Getting a Second Opinion
Your doctor has just told you that you have cancer. Your mind is racing. You have many questions for your doctor. One may be, “Should I get a second opinion?”
A second opinion is when another doctor gives you his or her opinion on your condition.
When Is a Second Opinion Necessary?
The decision to get a second opinion may be up to you and your family, or it may be up to your health insurance plan. Many health plans require their members to get a second opinion before they will cover care. Some health plans only cover a second opinion if the member asks for one. Before you seek a second opinion, be sure to check with your health plan about its policy on second opinions.
You may want (or need) to get a second opinion if your doctor recommends non-emergency surgery or a serious treatment, such as chemotherapy. You may also decide to get a second opinion if you do not feel comfortable with your doctor, the diagnosis, or the treatment plan.
You should receive immediate care and postpone looking for a second opinion, however, if you need an emergency procedure. You can always look for a second opinion later.
Telling Your Doctor
Once you've decided to get a second opinion, you may worry about telling your doctor about your decision. Many experts feel that second opinions are part of good medical practice.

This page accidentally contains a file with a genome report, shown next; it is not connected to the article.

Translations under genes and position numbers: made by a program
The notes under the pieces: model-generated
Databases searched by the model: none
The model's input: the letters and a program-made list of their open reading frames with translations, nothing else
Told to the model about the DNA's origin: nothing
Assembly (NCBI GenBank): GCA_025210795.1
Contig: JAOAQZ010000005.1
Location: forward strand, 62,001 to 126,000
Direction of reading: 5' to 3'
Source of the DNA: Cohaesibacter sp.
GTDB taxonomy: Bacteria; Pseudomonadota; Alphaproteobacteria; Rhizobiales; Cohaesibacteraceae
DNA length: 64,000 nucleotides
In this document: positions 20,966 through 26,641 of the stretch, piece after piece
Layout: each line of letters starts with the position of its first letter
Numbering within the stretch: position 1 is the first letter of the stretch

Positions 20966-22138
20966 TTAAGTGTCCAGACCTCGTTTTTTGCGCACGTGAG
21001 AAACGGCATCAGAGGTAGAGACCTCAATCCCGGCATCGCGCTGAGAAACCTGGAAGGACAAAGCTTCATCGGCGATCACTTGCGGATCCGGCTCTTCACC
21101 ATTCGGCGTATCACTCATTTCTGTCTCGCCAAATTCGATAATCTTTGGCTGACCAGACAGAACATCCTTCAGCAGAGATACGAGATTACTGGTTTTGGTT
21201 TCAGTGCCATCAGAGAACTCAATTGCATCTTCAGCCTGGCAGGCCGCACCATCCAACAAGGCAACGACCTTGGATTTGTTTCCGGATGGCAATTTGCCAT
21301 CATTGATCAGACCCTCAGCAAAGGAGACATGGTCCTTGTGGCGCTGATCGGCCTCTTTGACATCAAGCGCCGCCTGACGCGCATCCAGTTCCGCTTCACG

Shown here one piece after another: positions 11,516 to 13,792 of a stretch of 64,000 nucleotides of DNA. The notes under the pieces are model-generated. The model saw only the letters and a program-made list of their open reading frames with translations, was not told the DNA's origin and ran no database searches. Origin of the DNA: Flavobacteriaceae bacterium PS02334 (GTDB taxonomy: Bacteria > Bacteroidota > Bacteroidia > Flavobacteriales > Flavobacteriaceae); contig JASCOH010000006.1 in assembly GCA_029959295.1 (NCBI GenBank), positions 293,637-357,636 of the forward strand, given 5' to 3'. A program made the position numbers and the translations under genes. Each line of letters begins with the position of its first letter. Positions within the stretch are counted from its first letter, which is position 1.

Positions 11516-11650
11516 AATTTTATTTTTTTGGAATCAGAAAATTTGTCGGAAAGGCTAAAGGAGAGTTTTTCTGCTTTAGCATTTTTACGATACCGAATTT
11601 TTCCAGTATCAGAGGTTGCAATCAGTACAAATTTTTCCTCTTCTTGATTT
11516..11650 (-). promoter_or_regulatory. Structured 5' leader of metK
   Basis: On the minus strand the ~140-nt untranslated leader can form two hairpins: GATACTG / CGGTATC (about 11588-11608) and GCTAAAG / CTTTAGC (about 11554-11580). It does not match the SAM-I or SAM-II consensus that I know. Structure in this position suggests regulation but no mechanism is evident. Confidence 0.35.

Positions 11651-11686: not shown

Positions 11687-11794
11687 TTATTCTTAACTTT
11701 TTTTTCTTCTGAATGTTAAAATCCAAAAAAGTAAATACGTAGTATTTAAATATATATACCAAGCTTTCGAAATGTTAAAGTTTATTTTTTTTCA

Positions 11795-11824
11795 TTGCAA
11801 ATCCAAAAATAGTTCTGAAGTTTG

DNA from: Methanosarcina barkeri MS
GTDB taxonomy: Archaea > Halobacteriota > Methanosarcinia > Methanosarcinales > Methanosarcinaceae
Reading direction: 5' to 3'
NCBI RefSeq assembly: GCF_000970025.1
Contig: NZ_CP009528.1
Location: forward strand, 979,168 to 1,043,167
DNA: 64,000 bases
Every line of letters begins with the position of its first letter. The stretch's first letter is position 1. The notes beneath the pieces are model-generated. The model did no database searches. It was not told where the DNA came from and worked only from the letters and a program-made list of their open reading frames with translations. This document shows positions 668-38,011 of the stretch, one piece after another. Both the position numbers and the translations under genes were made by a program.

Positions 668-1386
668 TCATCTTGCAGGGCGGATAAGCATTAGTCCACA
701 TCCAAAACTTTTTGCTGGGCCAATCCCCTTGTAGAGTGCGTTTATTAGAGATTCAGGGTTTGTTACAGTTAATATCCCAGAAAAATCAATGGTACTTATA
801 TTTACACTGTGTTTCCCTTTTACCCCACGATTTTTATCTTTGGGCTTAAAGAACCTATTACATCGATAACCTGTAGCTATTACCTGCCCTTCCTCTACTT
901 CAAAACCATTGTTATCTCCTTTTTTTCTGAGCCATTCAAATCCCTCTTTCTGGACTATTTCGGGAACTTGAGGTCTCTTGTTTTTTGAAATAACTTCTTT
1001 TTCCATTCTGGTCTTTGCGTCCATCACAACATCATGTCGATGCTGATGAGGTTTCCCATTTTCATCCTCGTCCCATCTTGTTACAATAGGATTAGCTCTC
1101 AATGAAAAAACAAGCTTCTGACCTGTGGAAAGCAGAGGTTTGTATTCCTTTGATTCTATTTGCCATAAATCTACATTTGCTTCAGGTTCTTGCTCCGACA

Second opinions are also your right as a patient. Your doctor should give the second doctor your medical records and any suggested treatment plans. This will help the second doctor form his or her own opinion about your condition.
It is also improper for the first doctor to end his or her relationship with you if you decide that you want a second opinion. If your first doctor is offended that you want a second opinion, you may ask yourself if this is the right doctor for you.
One benefit of telling your doctor that you'd like a second opinion is that he or she can help you find another doctor for a second opinion.
Finding a Second Opinion
With the explosive growth of the Internet, it's easy for people to find doctors and medical centers for the best care for their condition. The Internet has also helped people find others with the same medical condition.
Besides using your doctor as a reference source, you can contact your local medical society, hospital, medical school, or health plan. The Cancer Information Service is a toll-free service that recommends cancer treatment centers, including ones supported by the National Cancer Institute. You can reach them at 1-800-4-CANCER (1-800-422-6237) or visit their web site at www.cancer.gov.
The American Board of Medical Specialties (ABMS) Directory of Board Certified Medical Specialists lists doctors, their specialties, and their educational background. If a doctor is certified by the ABMS, it means that he or she has had years of residency training, specialty practice, and has completed an extensive specialty exam. You can find the directory at your local library, or view it online at www.abms.org.
While researching doctors, it's also important to note if a surgeon is a fellow of the American College of Surgeons. A fellow has the letters “FACS” after his or her name and title. A fellow is considered “professionally competent and ethically fit” by the American College of Surgeons.
Remember that it's your right to seek a second opinion. And keep in mind that research shows that people who are involved in their care often get better results than those who are not.